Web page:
President Barack Obama will nominate Federal Reserve Vice Chairman Janet Yellen tomorrow to head the U.S. central bank, a White House official said in an e-mailed statement.
Yellen, 67, would succeed Fed Chairman Ben S. Bernanke, whose term ends Jan. 31. She was the favorite in surveys of economists and had the backing of 20 members of the Senate Democratic caucus who signed a July 26 letter to Obama.
The announcement will come tomorrow during a 3 p.m. event at the White House, the official said. Bernanke will be present for the event.
Obama turned to Yellen, vice chairman of the Fed since 2010, after the other leading candidate, former Treasury secretary and White House economic adviser Lawrence Summers, withdrew from consideration amid mounting opposition from Democrats on the Senate Banking Committee.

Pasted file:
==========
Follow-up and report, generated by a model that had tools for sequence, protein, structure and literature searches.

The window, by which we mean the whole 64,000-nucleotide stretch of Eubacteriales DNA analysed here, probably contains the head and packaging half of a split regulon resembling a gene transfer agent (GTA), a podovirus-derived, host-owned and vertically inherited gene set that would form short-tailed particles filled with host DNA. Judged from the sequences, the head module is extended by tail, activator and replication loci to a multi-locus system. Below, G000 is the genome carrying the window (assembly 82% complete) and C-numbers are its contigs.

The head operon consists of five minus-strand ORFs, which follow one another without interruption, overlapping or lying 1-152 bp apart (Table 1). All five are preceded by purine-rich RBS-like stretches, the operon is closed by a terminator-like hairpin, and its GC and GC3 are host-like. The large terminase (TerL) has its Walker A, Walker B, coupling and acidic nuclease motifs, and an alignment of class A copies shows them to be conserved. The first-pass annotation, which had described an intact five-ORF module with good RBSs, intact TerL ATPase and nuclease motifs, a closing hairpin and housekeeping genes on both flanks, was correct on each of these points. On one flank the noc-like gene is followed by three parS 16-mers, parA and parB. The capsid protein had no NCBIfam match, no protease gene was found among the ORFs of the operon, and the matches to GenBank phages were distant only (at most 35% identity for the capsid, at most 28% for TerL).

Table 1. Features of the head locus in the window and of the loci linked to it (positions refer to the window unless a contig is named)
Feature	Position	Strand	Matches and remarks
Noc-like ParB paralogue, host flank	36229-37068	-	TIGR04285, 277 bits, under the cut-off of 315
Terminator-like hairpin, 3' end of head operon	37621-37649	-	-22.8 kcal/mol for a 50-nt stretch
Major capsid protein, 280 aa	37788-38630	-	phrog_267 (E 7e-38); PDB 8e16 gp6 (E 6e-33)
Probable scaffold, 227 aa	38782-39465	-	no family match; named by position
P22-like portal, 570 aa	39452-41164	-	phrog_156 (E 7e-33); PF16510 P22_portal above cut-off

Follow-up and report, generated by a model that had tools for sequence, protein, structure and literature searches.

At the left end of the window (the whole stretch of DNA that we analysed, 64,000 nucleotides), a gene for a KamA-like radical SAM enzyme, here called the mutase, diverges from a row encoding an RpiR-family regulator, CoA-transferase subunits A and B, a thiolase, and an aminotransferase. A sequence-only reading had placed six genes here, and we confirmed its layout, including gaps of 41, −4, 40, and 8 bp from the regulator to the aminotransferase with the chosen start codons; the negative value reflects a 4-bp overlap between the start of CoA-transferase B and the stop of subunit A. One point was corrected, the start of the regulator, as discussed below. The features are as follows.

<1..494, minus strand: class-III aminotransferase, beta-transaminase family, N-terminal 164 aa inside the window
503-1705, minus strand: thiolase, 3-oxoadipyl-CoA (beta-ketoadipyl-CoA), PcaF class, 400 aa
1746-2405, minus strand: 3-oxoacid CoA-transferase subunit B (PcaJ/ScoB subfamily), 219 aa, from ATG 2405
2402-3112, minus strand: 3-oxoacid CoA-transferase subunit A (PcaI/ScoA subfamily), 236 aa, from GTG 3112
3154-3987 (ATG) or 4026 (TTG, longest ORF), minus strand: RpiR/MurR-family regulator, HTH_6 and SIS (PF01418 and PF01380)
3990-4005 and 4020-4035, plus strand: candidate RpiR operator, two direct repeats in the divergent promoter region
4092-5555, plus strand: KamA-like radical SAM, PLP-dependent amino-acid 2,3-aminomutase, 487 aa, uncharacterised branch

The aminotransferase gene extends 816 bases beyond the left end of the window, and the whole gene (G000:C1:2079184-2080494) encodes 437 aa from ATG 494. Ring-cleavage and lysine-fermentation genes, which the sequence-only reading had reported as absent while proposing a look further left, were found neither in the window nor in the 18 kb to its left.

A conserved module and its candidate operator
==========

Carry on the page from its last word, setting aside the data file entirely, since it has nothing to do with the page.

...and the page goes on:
As the Fed’s No. 2 official, Yellen has articulated the case for maintaining highly accommodative monetary policy. In a series of 2012 speeches, she outlined why interest rates could remain near zero into late 2015, and in a 2011 speech she justified the Fed’s first two rounds of large-scale asset purchases with an estimate that the programs would create 3 million jobs.